A collection of historic reviews and articles on Sherlockian theatrical performances from contemporary newspapers.

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Cinderella, or The Adventures of the Ugly Sisters
("A motor transport company")
December, 1917
"At the front"


The Mayor of Coventry has received from a local man in a motor transport company at the front the following account of how the pantomime "Cinderella, or the Adventures of the Ugly Sisters" was recently "staged."

"We were compelled to adapt our plot to the costumes in hand. Cinderella's ugly sisters were kidnapped and killed by Professor Moriarty, who employed the captain of the Forty Thieves to do the deed. The sisters were imprisoned in 'Dunlop Tyres' pardon! I mean 'Towers' - where they were traced by Sherlock Holmes.

The scene then moves to an Alaskan drinking shanty, where the Professor is found endeavouring to 'run' the claim belonging to the Ugly Sisters. Sherlock Holmes arrives on the scene when Moriarty is fleecing a Cheechako, with a fair damsel at stake.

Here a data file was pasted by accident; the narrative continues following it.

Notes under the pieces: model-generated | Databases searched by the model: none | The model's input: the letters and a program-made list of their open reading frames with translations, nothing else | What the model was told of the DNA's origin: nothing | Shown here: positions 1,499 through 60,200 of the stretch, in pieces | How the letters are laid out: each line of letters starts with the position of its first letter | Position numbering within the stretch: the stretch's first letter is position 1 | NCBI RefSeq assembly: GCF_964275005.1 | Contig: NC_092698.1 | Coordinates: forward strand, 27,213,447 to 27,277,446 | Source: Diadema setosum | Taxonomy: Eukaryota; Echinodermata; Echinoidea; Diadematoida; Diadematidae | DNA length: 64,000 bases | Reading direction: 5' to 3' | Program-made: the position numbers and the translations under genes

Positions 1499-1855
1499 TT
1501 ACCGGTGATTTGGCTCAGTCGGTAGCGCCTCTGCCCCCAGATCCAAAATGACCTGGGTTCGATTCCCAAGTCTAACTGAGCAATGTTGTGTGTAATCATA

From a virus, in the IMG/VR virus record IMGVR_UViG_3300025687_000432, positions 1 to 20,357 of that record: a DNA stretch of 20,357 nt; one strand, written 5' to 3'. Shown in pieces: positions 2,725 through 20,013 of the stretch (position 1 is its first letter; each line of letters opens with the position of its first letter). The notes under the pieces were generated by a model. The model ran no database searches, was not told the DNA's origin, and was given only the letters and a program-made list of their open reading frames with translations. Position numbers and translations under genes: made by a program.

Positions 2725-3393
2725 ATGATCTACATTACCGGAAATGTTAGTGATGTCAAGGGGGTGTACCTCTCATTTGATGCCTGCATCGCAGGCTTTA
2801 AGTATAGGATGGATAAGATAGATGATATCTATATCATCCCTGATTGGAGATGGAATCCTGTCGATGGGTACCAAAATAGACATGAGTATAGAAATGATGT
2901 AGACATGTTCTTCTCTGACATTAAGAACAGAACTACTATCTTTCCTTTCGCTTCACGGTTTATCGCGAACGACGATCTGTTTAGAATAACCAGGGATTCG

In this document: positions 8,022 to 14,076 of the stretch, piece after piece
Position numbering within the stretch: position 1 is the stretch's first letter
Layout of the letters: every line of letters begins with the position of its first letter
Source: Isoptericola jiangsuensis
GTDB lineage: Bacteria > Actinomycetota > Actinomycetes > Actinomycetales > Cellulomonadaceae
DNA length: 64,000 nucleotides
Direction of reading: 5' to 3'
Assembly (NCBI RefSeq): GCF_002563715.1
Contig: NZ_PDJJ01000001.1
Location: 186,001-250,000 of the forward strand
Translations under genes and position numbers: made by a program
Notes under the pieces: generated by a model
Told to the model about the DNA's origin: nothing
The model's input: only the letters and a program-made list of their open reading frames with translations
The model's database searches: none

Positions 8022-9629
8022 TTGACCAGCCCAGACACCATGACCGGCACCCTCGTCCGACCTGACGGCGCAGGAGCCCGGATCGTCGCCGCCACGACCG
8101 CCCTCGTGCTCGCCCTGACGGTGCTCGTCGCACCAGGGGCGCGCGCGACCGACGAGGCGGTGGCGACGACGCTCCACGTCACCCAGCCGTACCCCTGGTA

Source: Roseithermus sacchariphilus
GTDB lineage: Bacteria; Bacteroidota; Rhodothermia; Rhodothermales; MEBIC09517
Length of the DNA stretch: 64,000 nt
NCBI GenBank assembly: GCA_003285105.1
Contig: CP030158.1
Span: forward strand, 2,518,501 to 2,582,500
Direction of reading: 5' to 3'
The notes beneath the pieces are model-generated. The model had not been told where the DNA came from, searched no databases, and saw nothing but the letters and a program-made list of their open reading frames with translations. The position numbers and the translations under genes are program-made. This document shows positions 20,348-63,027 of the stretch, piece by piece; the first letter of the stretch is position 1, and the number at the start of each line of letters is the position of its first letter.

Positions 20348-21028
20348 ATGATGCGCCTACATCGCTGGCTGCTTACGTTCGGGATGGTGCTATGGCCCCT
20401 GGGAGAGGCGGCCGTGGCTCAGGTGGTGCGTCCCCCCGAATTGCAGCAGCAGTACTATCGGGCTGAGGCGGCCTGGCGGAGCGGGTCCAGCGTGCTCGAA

The plot is embellished with two burlesque scenes, one a haunted wing in 'Dunlop Towers' and the other a military farce in the trenches.

Finally, we introduced the celebrated scene between Sherlock Holmes and Moriarty as in the Strange Case of Miss Harker [sic], but we substituted the ugly sisters for Miss Harker.

The last phase was that in which wrongs were righted, the ugly sisters were restored to their parents, the King and Queen of Windy Corner, and all lived happily ever after.

Not having anyone in our company who looked decent enough to portray the beautiful features of Cinderella, even with the greatest flight of imagination, we were compelled to 'cut her' and simply depend on the ugly sisters for our 'female' caste. We had a superabundant number of faces suitable for ugly sisters, and we had no difficulty in selecting our men, although the reason of election was not revealed to them.

We have given several shows to the 'boys' and they were received with enthusiasm and helped to pass away a few hours and keep our mind off Fritz occasionally during the festive season. I think it is only right to say that the boys who take part in the pantomime continue their duties as usual and rehearse their respective parts when off duty, and perhaps an hour before the show, may be miles away up the lines of communication."

Coventry Herald, Saturday 26 January 1918
found at www.britishnewspaperarchive.co.uk